The reverse translation “macro → submicro” [Fig. 2(ii)], concerning only the close arrangement of particles, was achieved by 87.3% of the school students and by 100.0% of the undergraduate students [answers a and d in Fig. 2(ii)].

Regarding the correlation between the submicroscopic and symbolic levels [Fig. 2(iii)], 67.4% of the eleventh-graders and 96.5% of the undergraduates chose the correct subscript “s” in a molecular formula in order to symbolize a substance with a close arrangement of particles [answers a and b in Fig. 2(iii)]. However, a remarkable percentage of school students (23.0%) chose the subscript “g” [answer c in Fig. 2(iii)], while fewer (8.6%) chose the subscript “aq” (answer d in Fig. 2(iii). These results show that some school students have difficulties and/or knowledge deficiencies concerning the state of matter's symbols or they do not pay attention to the phase of matter; this issue will be further explored in the qualitative part. The overriding majority of undergraduate students didn’t have any problem with the aforementioned symbols.

In another question, four triads were given to the students; each one consisted of macroscopic, symbolic and submicroscopic representations. The students had to choose the triad in which the three representations depicted the same substance (“macro–submicro–symbolic” correlation) (Fig. 3). This correlation of the three levels of chemistry was achieved by 53.4% of the school students and 88.4% of the undergraduate students (answer d in Fig. 3) [statistically significant difference: x2(1) = 57.53, p < 0.001].

Two other questions (Fig. 4) concern translation between submicroscopic and symbolic representations concerning chemical compounds. Fig. 4(i) presents a question that asks students to choose a chemical formula for a submicroscopic representation depicting three molecules of a molecular compound, namely a “submicro → symbolic” translation. Students had to recognize the qualitative composition of each molecule (image file: c8rp00301g-u1.tif) and thus to choose the correct formula “NO”. Surprisingly, only 14.2% of the eleventh-graders could achieve this translation. Undergraduate students’ performance was better, since 59.3% of them answered correctly (statistically significant difference: x2(1) = 88.56, p < 0.001), but this percentage is not satisfactory. The remaining eleventh graders took into account the depicted number of molecules, choosing either the formula “(NO)3” (31.8%) or “N3O3” (25.1%) or “3 NO” (28.1%). These incorrect answers may represent fundamental difficulties with learning or understanding the meaning and the use of subscripts and coefficients in molecular types, and will be further examined. Regarding the undergraduates, 11.6% chose “(NO)3” [statistically significant difference: x2(1) = 11.40, p < 0.001], 0.0% chose “N3O3” [statistically significant difference: x2(1) = 17.40, p < 0.001], but 29.1% chose “3 NO” [not statistically significant difference: x2(1) = 0.33, p > 0.05]. So, it seems that undergraduate students show better performance in this translation, but a significant percentage chose a molecular formula containing a coefficient.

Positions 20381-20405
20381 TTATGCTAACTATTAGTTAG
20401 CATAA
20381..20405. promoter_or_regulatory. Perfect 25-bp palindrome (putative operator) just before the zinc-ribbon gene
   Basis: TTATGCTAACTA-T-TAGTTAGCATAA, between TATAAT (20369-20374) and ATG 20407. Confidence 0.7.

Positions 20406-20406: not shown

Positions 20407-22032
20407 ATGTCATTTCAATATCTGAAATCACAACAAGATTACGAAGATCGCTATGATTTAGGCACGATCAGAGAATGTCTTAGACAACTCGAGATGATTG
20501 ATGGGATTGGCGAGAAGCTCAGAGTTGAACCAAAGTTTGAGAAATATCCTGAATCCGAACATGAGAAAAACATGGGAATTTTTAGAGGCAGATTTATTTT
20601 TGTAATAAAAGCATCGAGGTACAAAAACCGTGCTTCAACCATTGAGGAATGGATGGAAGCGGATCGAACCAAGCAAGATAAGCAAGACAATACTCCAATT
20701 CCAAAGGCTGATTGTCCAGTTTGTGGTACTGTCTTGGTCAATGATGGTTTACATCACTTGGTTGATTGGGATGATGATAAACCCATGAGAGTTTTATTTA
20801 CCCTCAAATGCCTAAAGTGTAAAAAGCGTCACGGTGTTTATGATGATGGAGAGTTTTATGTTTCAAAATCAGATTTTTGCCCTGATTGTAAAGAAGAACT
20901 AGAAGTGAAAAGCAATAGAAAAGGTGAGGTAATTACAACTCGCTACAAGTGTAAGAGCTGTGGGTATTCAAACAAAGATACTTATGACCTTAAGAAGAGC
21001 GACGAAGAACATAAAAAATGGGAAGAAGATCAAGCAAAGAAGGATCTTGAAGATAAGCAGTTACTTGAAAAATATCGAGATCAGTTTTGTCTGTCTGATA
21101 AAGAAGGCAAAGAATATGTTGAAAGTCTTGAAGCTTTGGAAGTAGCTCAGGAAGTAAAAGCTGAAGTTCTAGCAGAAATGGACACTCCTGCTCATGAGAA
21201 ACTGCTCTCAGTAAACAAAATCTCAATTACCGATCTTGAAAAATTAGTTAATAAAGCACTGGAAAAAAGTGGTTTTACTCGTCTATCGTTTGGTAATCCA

image file: c8rp00301g-f4.tif
Fig. 4 Questions asking for translation between various representations concerning chemical substances.

In the reverse type of translation, the students were asked to assign the molecular formula “HI” of a gaseous compound to the appropriate type of particle [Fig. 4(ii)]. The results showed that 61.8% of the school students and 81.4% of the undergraduates succeeded in this “symbolic → submicro” translation [statistically significant difference: x2(1) = 12.23, p < 0.001]. However, the choice of answer a [Fig. 4(ii)] by 17.8% of the school students and by 16.3% of the undergraduates reflects the misconception that in the gaseous state the atoms of a chemical compound are not bonded together (Adbo and Taber, 2009) and will be further investigated in the interviews following. It seems that this likely misconception still exists among the undergraduate students [not statistically significant difference: x2(1) = 0.12, p > 0.05]. Furthermore, 13.5% of the school students chose a mixture of diatomic and monoatomic particles, answer c, and 6.9% chose a mixture of two diatomic particles, answer d. These alternative answers were found to be statistically significantly reduced among the undergraduates [for answer c: x2(1) = 10.82, p < 0.05, and for answer d: x2(1) = 4.20, p < 0.05].

3.2 Aqueous solutions